I've been using the term "service containers" to refer to the sandbox that services live in. However, in J2EE land, there isn't a 1:1 relationship between the 'software server' and the 'container'. You've got the 'servlet container', 'ejb container', etc. The Application Server is really an all-in-one - super-duper server. It slices, it dices, it does transactions, messages, web pages - you name it - it does it.
App servers can host web services. They can also host platform specific services (RMI, EJB). The services provided can be governed via the container and can leverage additional functionality via components and class libraries (most of the J2EE API's).
Just to restate - build services on top of components that are a combination of classes which sit inside of a governed container while making calls to libraries, some of which are runtime generators, perhaps being fed metadata from model-driven tooling. Agreed?
Ok. Now we need to move into "specialized servers", like identity servers, orchestration servers, etc. Many of these servers were built from the ground up as stand-alone servers, while other implementations were built to sit on top of application servers (e.g., a bpel implementation that runs in JBoss). In the J2EE world, specialized servers are really just new API's governed by the JSR process to encourage yet another container or library to be added to the J2EE server. In some ways, J2EE has become a dumping ground for 'bright ideas'. Hence the movement to 'lightweight containers'.
Now, let's ponder...
Question #1: Would you describe the application server as a "Rapid Service Development" (RSD) environment?
Question #2: To what extent should specialized services reside in generic containers?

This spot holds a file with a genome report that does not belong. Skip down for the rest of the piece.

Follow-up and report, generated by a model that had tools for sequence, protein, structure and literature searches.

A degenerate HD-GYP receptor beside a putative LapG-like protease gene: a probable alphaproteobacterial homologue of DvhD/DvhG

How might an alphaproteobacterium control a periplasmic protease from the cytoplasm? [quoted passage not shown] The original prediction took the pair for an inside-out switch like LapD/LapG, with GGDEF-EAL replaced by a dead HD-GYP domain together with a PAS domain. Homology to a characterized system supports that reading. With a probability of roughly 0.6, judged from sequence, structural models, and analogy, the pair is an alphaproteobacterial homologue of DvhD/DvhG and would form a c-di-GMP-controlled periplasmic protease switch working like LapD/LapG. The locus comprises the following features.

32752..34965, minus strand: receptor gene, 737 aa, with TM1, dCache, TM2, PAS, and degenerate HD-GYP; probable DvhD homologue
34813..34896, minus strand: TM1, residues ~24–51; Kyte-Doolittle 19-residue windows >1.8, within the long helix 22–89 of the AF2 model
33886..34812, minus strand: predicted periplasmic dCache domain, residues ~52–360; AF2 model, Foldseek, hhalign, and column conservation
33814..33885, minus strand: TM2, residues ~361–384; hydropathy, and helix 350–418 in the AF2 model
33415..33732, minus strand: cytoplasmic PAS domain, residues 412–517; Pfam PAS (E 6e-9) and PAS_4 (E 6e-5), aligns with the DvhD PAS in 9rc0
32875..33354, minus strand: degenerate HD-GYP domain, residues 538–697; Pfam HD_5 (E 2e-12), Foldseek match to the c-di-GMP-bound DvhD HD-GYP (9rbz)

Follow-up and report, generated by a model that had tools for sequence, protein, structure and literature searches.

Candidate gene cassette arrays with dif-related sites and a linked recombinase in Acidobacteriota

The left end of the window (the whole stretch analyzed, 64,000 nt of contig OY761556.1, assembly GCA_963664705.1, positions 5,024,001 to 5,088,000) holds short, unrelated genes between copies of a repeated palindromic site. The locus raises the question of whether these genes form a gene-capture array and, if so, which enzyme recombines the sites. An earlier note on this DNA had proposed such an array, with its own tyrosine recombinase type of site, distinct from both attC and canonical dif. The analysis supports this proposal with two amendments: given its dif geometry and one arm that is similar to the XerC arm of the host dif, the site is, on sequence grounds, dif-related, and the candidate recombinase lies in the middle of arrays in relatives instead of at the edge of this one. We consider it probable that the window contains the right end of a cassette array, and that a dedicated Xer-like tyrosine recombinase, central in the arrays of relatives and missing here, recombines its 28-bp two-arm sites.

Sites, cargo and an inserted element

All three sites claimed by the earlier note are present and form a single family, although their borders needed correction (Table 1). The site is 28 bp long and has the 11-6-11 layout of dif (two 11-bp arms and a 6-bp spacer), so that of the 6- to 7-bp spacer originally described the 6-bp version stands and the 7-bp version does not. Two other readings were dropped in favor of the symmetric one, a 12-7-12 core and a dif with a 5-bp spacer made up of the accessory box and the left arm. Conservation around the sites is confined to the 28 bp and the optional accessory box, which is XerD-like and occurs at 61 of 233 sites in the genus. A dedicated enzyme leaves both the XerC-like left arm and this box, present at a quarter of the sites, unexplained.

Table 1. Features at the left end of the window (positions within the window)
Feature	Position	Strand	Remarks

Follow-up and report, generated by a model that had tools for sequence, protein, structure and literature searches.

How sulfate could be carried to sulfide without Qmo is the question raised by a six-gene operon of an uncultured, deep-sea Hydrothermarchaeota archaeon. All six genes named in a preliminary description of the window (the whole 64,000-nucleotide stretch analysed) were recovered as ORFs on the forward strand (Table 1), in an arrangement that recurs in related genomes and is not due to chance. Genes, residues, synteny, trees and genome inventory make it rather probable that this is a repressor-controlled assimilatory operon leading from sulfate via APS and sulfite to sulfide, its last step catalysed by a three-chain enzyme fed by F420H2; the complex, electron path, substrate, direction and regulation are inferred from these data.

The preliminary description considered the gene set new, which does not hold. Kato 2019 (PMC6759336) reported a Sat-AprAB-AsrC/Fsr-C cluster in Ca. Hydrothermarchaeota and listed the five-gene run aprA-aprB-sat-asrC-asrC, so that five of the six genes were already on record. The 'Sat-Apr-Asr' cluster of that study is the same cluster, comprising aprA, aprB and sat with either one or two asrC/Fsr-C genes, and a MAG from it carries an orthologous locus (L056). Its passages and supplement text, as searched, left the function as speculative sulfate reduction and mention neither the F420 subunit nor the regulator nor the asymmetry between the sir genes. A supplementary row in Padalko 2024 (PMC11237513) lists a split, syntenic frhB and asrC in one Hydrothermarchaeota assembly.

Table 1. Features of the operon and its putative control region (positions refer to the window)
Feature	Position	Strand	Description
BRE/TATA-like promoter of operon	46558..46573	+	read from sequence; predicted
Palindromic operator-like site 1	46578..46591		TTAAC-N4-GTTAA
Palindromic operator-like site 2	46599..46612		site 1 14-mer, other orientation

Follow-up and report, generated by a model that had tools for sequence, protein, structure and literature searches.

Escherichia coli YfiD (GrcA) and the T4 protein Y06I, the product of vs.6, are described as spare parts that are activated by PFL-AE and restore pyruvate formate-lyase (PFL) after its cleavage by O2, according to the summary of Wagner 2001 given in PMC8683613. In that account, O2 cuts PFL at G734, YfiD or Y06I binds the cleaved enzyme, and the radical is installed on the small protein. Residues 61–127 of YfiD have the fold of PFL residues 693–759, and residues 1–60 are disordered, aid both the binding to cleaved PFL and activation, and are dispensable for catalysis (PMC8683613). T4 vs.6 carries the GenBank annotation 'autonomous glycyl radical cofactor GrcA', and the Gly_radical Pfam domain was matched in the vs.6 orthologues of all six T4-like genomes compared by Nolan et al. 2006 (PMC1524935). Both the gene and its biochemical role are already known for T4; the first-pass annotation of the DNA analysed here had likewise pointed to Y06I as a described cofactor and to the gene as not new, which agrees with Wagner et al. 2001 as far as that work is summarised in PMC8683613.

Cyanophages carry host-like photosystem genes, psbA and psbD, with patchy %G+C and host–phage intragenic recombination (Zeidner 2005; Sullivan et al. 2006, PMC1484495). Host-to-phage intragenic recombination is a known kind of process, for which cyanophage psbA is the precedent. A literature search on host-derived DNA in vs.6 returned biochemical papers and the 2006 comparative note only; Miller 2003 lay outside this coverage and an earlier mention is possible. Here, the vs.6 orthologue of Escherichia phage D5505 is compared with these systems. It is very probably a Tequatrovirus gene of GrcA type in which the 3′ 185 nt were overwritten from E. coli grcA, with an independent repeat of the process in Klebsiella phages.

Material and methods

Question #3: Should the server be 'pre-glued' together (mandate the download all 55MB of libraries) or should it be more loosely coupled and segmented?
Question #4: What are the necessary cross-cutting concerns that should be considered part of the server or container?
Question #5: What functionality is not a cross-cutting concern, but rather a specialized function?
Question #6: Would you consider the app server to be a "Contract First Container"?
The application server has evolved to meet the needs of the masses. It was designed to be an all-purpose server. Can a developer build SOA based applications in it? Sure. It is more work than it needs to be? Absolutely. And the big question... Do I believe that Rapid Service Development to Contract-First Containers is the way of the future? Yes I do.
Application servers will continue to be used when the architect chooses to use a platform specific component-based development model. Here, the focus is on 'building the application' (hence, "application server") versus building the services.
There are some real challenges that app servers will face in the SOA environment. We can be sure that BEA and IBM will be morphing their offerings to make them more acceptable to the SOA crowd. However, I fear that they will leave all of the garbage behind as well.
It's real simple - if your platform fails the loosely coupled test then so will your business applications that sit on top of them.
Remember: "Rapid Service Development to Contract-First Containers".